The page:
A fun, feel-good embrace of connection, Future Generations’ enchantingly vibrant “Landscape” resonates with dynamism and infectious energy.
Things are pretty bad out there these days, so the idea of an insulated perfect community seemed all the more ridiculous to us.
Future Generations’ whimsical new music video rounds out an exciting and transformative, yet indisputably complicated year for the indie pop band. 2018 has seen the former trio of Eddie Gore (vocals, keys, guitar), Mike Sansevere (synthesizer, guitar, percussion), and Eric Grossman (guitar) cementing their five-piece lineup with Devon Sheridan (bass) and Dylan Wells (percussion) and settling, all together, into their new Brooklyn digs; it’s seen them embark on a packed nation-wide tour spanning coast to coast; and it’s seen the release of their sophomore album, Landscape (9/14/2018 via Frenchkiss Records).
It’s also been a year full of social, cultural, political, and emotional unrest and upheaval throughout the country – and everyone, including Future Generations, is feeling the impact. From their perch in New York’s trendiest borough, these five guys are doing their part to make the world a little brighter. “We want our songs to thrust you forward into a happier, more hopeful day,” the band says.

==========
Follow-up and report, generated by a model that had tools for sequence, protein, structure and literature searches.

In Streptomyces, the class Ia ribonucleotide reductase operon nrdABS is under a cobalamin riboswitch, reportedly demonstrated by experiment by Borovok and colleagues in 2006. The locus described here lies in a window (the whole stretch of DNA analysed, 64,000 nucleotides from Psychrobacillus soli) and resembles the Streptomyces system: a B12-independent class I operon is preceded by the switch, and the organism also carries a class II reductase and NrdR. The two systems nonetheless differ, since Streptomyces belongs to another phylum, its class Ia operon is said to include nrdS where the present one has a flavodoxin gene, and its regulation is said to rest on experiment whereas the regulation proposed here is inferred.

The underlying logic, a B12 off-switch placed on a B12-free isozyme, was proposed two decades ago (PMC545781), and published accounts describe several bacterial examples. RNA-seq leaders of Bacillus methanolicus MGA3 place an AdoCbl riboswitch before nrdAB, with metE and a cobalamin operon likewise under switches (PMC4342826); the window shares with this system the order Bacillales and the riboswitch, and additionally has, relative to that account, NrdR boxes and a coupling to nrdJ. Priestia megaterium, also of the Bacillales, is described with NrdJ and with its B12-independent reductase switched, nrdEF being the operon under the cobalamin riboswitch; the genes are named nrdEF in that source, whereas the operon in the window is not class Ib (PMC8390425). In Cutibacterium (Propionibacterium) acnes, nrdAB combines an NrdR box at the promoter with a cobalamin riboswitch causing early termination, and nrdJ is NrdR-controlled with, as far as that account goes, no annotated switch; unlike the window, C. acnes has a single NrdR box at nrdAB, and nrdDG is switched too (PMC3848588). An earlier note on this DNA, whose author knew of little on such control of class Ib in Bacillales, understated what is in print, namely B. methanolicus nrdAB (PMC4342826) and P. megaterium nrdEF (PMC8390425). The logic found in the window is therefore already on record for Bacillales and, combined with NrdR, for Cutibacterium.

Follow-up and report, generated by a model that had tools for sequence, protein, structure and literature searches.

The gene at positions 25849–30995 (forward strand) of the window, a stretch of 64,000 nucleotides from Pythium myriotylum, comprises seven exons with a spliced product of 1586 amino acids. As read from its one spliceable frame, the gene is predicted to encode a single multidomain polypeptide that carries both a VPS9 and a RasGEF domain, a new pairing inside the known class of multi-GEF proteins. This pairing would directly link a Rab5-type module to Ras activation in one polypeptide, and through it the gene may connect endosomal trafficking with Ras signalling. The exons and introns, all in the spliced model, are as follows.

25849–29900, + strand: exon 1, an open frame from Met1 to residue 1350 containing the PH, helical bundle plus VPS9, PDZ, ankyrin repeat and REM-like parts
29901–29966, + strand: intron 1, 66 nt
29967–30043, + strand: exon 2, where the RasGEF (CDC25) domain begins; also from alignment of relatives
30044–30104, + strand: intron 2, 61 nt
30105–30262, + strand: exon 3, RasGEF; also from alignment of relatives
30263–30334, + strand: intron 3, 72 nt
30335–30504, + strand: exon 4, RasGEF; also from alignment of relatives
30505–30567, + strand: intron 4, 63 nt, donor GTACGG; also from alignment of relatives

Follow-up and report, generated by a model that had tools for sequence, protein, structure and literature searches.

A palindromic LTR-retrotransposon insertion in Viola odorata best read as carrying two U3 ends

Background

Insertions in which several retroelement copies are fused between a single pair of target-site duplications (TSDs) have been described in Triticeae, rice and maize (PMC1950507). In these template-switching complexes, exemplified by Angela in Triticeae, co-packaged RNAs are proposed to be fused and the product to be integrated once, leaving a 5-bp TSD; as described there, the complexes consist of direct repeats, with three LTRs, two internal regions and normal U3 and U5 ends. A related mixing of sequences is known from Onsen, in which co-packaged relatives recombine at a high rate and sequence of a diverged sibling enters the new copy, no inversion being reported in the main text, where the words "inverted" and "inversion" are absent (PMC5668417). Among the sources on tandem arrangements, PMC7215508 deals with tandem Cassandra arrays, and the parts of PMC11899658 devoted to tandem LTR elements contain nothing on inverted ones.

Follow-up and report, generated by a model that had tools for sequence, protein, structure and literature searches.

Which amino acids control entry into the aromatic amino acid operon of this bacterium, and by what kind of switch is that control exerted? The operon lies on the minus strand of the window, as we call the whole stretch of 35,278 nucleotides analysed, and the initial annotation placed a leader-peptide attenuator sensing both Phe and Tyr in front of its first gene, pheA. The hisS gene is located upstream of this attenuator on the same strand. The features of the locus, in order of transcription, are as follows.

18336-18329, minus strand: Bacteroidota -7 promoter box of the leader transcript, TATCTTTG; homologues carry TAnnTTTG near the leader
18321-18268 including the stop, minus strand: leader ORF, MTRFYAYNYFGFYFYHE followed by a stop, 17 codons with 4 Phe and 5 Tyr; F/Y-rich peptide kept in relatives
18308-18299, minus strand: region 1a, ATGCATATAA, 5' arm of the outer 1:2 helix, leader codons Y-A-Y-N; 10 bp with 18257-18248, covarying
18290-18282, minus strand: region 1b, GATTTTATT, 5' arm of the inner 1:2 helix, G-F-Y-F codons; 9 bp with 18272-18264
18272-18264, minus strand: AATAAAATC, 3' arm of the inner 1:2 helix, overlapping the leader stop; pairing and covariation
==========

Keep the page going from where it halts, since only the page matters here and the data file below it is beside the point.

Indeed, listening to Landscape offers a freeing escape from the everyday: Produced by Vampire Weekend and Hamilton Leithauser collaborator Justin Gerrish, Future Generations’ second record expands their sound and scope as they finesse their artistic vision. A proper, fully realized album, Landscape is immersively warm, charmingly upbeat, thoughtfully engaging and sonically distinctive.
This dynamism and infectious energy resonates with particular force on the album’s bold title track. A fun, feel-good embrace of connection, the enchantingly vibrant “Landscape” explores our emotional well-being and how we find strength in hard times.
Even though I can see my fate
Spread across the cold, dark earth
Oh there is something growing ‘neath the gates
And it’s ignorant of worth
Placate the landscape
Don’t mean to frustrate
I’m meant to be alive
You’re on your own till you find
There is life on the other side
Spirited, uplifting, and nuanced, “Landscape” captures Future Generations reeling in the tumultuous, unbalanced chaos that is life. Perhaps it’s only fitting, then, that the song’s music video comically portrays a happy utopia by means of pseudo-vintage sizzle reel. Fashionably retro and delightfully tongue-in-cheek, the Kenny Polyak and Drew Lewis-directed visual highlights Future Generations’ lighter side, finding them smiling and waving at the camera, jumping around onstage, and having a picture-perfect good time.